What are artists' publications and what does one recognise them by?
Bibliographers, librarians, archivists and collection managers of visual arts museums are regularly confronted with this question.
At the request of the Middelheim Museum, artist Nico Dockx and art historian Johan Pas (from the ArchiVolt research group of the Royal Academy of Fine Arts Antwerp) undertook a physical screening of the museum library's collection of monographic art books and artists' publications.
Through conversations with artists, designers, publishers and collectors, they will examine the phenomenon of the artists' publication from various perspectives.
A Kind Of a 'Huh?'* #3:
Lecture by gerlach en koop
The name gerlach en koop designates two individuals working together as one collective artist. As gerlach en koop tend to duplicate, to double, to repeat and copy the work often exists in twos. But no two things can be the same.
In their practice, much attention is paid to everything that can support an artwork, by which is meant not just display cases, pedestals and exhibition architecture, but also press releases, invitations, exhibition booklets, posters, posts on social media, checklists, title cards, tours, catalogues and so on. The kind of printed material that is later often referred to as ‘ephemera’, but ultimately these very things last longer than the exhibition itself. Not that ephemeral at all. Where does an exhibition actually begin and where does it end? Or, where does a work of art begin and end? Often earlier than one thinks, and later too, but transition areas are particularly good to work in.
At the Koninklijke Bibliotheek, the national library of the Netherlands, the depot and the reading room are going to be separated in the near future. The physical book gets increasingly out of sight of the reader. The KB asked a number of artists including gerlach en koop to reflect on this far-reaching development but explicitly left open the form in which this reflection might culminate. This openness was understood by gerlach en koop as an excellent opportunity to enter the organisation without a preconceived plan. The collective requested and got an office space in the cataloguing department, which they consider the heart of the library because that is where the connection between object and description is made. As ‘Incidental Persons’ in the tradition of Barbara Steveni and John Latham’s The Artist Placement Group, they spoke to about fifty different employees during their residency period with the central question: ‘Does the Koninklijke Bibliotheek allow itself to be read?’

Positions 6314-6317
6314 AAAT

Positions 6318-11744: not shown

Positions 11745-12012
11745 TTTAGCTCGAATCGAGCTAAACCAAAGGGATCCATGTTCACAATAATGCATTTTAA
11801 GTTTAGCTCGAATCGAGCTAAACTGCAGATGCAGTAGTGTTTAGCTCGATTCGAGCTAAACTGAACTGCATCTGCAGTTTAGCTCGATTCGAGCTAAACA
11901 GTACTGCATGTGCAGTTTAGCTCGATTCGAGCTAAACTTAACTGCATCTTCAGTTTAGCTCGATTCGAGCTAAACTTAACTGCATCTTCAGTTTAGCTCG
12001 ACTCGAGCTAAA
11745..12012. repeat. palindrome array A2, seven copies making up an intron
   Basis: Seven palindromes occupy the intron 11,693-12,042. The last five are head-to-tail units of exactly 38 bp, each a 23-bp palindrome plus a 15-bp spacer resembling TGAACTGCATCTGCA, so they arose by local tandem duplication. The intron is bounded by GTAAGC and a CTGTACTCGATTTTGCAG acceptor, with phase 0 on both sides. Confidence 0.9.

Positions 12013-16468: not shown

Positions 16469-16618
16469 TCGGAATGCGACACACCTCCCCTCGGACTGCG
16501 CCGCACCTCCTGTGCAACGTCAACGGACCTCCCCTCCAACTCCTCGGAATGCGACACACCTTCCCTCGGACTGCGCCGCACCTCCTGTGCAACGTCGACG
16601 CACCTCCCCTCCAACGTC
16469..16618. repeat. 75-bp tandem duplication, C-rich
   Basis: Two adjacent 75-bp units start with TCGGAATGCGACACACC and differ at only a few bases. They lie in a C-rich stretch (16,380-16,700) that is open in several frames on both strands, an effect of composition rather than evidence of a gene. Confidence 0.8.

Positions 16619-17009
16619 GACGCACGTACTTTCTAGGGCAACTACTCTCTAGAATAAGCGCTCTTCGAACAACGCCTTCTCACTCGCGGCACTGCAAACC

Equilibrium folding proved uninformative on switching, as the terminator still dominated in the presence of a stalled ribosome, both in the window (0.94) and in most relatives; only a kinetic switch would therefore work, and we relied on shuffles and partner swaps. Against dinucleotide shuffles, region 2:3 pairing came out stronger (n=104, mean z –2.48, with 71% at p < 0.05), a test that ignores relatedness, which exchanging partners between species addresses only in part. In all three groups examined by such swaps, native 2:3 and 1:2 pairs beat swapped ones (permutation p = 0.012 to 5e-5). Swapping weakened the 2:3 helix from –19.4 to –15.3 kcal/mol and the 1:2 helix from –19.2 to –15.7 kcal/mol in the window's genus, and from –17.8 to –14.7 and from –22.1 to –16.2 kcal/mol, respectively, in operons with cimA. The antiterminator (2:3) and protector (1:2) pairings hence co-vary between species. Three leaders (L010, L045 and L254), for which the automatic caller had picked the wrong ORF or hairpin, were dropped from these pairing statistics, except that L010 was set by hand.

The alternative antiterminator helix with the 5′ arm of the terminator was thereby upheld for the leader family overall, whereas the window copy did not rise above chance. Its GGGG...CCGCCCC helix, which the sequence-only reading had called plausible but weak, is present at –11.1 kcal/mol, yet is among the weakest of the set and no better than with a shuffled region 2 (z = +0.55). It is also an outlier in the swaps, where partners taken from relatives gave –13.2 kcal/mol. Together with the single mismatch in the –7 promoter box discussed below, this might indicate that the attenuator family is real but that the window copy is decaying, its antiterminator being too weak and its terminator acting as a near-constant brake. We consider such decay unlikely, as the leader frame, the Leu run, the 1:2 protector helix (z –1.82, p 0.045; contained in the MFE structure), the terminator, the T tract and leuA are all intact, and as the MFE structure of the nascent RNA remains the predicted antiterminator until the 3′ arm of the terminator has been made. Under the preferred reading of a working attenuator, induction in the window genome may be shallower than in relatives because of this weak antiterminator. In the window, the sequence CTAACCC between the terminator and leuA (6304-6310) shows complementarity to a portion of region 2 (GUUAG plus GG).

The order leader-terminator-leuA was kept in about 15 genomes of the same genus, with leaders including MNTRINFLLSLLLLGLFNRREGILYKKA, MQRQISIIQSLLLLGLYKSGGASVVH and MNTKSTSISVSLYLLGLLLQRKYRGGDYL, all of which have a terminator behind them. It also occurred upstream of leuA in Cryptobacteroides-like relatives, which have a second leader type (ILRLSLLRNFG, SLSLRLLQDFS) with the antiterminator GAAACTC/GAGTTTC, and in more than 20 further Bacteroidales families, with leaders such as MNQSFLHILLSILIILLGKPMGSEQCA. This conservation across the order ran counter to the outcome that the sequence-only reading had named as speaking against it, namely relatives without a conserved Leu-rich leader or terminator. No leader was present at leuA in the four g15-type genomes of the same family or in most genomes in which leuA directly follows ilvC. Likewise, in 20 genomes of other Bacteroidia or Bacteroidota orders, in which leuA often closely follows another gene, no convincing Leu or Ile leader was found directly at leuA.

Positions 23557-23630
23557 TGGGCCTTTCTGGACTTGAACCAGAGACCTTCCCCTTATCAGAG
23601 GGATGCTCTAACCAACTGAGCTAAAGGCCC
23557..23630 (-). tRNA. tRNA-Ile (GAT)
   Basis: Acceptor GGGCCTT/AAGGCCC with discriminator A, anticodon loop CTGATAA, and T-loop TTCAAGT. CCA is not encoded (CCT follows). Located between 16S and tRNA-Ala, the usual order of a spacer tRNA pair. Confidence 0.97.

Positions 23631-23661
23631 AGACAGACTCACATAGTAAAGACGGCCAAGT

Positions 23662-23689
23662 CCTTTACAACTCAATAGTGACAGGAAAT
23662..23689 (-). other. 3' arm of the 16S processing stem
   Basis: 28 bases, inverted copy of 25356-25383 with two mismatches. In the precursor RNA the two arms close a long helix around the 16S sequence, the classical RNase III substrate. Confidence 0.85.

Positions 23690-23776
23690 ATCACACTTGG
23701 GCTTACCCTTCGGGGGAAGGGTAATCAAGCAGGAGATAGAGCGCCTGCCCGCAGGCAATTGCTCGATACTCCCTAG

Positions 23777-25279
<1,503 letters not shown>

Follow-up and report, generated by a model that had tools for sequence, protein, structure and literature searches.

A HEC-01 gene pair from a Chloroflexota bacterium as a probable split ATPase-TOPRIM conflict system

In the wake of this question, gerlach en koop encountered intriguing material that put them on the trail of a series of new works. In their lecture, the collective will talk mainly about one of these new works in the making: a book-shaped ghost whose contours they hope to describe with increasing exactitude by using the specialist knowledge present in the various departments of the KB.
Koninklijke Bibliotheek, kamer B3.606, Prins Willem-Alexanderhof 5, Den Haag, 2021, double-sided poster, 70 × 100 cm, offset, edition 100
The poster displays two of the thousands of bookends from the library depot, full size, one on the front, one on the back. If the beginning of the collection is in front of you, the end is out of sight. If the end is in front of you, you can’t see the beginning. There is no front. There is no back. The collection is empty when you see through it.